The Galapagos Marine Reserve (GMR), one of the largest fishing-2654643519.html>marine protected areas on Earth, was declared a protected area in 1998 and is now a UNESCO World Heritage Site. The Galpagos Marine Reserve (GMR), which has an area of about 51,352 square miles, is home to several unusual animal species, including the blue-footed booby, Galpagospenguins, Galpagos brown pelicans, and Galpagos sea lions.
According to a news release from the Woods Hole Oceanographic Institution (WHOI), researchers recently found ancient coral reefs in the deep waters of the GMR that were home to an incredible variety of marine life. The previously undiscovered reefs are located at the summit of an uncharted seamount in the middle of the archipelago, at a depth of 1,310 to 1,970 feet.
According to Dr. Michelle Taylor, a marine biologist at the University of Essex and co-leader of the expedition in the submersible human-occupied vehicle (HOV) Alvin, they are pristine and teeming with life, including pink octopus, batfish, squat lobsters, and a variety of deep-sea fish, sharks, and rays.
The unusual reef formation was initially discovered by Taylor and Dr. Stuart Bank, Senior Marine Researcher at the Charles Darwin Foundation, while driving Alvin, according to a press release.
In the press release, Daniel Fornari, a marine geologist and co-lead of the expedition, said that exploring, mapping, and sampling the Gal pagos Platform with Alvin and Atlantis presents an opportunity to use cutting-edge deep-submergence and seafloor mapping technologies as well as cutting-edge deep-sea imaging techniques to reveal the beauty and complexity of the volcanic and biological processes that make the Gal pagos so distinctive.
Fornari has spent more than 20 years mapping and sampling the marine ecosystem of Galpagos.
Alvin has recently undergone improvements, including the addition of an ultra-high definition video imaging technology that can record crystal-clear video of the reefs and enhanced sample capabilities to gather delicate reef specimens.
Although rising ocean surface temperatures and acidification have damaged corals all across the world, the scientists claimed the discovery of the immaculate reef structure gives them hope for healthy reefs to thrive.
The presence of the reefs also demonstrated how marine habitats may be effectively managed and conserved.
This is a positive development. Our commitment to creating new marine protected areas in Ecuador and to advancing the establishment of a regional marine protected area in the Eastern Tropical Pacific is reaffirmed by this. According to Jose Antonio D Values, Ecuador’s Minister of Environment, “the richness of the yet-to-be-explored depths of our ocean is another reason to strive toward fulfilling the commitments of the Global Ocean Alliance 30 30 which aims to protect at least 30% of the world’s oceans by 2030, aligning sustainable economic activities with conservation.”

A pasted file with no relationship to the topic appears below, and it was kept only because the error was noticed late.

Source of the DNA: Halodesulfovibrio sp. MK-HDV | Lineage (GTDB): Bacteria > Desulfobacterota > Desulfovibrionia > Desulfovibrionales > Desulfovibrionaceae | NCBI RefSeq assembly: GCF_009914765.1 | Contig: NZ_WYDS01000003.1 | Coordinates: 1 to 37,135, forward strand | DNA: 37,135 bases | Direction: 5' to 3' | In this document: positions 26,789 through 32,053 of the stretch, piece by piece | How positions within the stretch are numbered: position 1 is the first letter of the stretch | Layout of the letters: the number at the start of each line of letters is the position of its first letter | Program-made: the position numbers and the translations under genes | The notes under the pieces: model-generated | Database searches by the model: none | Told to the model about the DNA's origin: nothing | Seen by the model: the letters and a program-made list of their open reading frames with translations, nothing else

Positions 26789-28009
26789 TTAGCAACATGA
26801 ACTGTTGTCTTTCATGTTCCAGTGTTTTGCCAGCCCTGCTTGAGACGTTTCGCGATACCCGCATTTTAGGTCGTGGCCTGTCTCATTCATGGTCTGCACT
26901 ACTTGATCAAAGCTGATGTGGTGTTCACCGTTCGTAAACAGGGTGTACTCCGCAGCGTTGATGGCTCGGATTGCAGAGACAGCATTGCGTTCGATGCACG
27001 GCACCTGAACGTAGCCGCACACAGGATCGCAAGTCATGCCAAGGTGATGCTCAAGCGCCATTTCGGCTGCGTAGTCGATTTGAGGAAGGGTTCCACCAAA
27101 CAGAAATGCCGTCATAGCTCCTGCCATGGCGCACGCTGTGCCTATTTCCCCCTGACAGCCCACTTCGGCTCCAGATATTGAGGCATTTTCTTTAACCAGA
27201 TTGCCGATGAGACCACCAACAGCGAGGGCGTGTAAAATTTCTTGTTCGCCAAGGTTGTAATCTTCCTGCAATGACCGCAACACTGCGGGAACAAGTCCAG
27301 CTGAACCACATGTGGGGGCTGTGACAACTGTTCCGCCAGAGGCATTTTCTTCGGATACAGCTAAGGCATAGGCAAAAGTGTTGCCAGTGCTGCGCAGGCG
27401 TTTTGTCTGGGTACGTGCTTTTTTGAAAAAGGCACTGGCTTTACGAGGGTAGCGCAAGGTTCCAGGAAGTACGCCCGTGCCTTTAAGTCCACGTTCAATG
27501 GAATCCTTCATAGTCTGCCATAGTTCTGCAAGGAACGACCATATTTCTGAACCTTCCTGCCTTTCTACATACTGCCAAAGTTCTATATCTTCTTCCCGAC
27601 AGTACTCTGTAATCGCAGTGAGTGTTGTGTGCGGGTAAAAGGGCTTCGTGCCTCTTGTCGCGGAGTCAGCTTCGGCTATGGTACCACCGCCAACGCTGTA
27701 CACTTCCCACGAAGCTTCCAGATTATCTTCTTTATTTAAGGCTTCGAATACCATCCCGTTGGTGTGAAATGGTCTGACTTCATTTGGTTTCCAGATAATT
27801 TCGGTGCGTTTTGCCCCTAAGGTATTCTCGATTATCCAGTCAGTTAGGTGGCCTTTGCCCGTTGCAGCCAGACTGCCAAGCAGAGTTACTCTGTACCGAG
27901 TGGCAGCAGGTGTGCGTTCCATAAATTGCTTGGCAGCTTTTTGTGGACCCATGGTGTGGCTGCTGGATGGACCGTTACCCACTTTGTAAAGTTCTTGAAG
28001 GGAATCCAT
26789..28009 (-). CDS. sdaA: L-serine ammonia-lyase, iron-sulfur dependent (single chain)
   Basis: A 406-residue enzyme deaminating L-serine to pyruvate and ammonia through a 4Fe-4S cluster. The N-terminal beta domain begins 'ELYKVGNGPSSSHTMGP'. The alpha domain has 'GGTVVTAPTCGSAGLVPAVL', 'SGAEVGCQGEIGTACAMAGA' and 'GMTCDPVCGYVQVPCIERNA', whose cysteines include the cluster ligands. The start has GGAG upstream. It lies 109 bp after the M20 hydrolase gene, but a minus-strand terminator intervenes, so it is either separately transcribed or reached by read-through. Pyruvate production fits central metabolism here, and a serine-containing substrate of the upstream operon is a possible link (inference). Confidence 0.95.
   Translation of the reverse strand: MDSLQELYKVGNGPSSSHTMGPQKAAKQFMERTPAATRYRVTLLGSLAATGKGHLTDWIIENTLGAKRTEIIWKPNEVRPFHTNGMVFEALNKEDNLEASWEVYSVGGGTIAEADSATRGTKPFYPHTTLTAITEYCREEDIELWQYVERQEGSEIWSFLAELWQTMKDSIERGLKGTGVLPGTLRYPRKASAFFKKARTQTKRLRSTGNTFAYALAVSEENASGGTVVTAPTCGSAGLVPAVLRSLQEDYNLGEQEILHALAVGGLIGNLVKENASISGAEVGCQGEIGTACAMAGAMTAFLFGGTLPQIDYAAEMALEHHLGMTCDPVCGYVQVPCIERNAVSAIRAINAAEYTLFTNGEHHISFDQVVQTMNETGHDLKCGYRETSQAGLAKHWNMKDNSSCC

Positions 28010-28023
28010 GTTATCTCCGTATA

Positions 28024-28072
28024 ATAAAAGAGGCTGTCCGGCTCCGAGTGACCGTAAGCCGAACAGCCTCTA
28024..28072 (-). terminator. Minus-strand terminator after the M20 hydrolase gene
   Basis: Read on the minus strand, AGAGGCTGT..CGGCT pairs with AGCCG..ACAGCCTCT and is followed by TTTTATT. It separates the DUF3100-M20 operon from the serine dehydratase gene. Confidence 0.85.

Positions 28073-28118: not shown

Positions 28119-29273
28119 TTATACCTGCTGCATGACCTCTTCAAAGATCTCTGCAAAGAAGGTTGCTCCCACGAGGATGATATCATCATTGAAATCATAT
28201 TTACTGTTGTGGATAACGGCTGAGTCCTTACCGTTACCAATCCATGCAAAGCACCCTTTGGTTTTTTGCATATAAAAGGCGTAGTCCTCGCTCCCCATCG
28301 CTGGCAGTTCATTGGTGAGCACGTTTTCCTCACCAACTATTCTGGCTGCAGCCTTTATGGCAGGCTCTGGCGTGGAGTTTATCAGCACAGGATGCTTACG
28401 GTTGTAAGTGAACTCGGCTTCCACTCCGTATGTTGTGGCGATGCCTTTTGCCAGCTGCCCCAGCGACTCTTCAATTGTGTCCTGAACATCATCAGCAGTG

Before the discovery of the new reef structure, Wellington Reef, located in the northern Galpagos archipelago off the coast of Darwin Island, was thought to be one of only a few shallow coral reefs in the Galpagos that had survived the El Nio event of 1982 and 1983. The finding suggests that the deep waters of the GMR’s protected coral reefs have probably been home to diverse and maybe unique marine organisms for generations.
Contrary to reefs seen in many other regions of the world’s oceans, these reefs are quite old and essentially pure, which is what makes them so fascinating. This provides us with a frame of reference for comprehending their significance for marine natural biological history, connectivity with regional MPAs, and their function in supplying goods and services including carbon cycling and fisheries. In order to comprehend how the oceans have changed over time, Banks added, it also aids in their reconstruction.
Banks continued by stating that less than 5% of the known GMR, which is 95% covered by open waters, has been studied by current research expeditions. More reef formations may exist at various depths, according to Banks.
According to Taylor, the finding of the reefs is crucial for deep-sea habitats.
The newly found reef is unusual for a number of reasons. While on shallow reefs 10–20% coral cover would be seen as a sign of a pretty sick reef, in the deep water this is the norm. Taylor stated in the news release that the remaining 80–90% of dead coral skeletons continue to house a vast array of species that is less dependent on the living coral.
The reefs we’ve discovered recently, however, include 50–60% live coral in several spots, which is really uncommon. We can monitor this newly discovered reef over time to see how a pristine habitat changes in response to the current climate crisis. It may be a site of global significance and a canary in the mine for other reefs worldwide.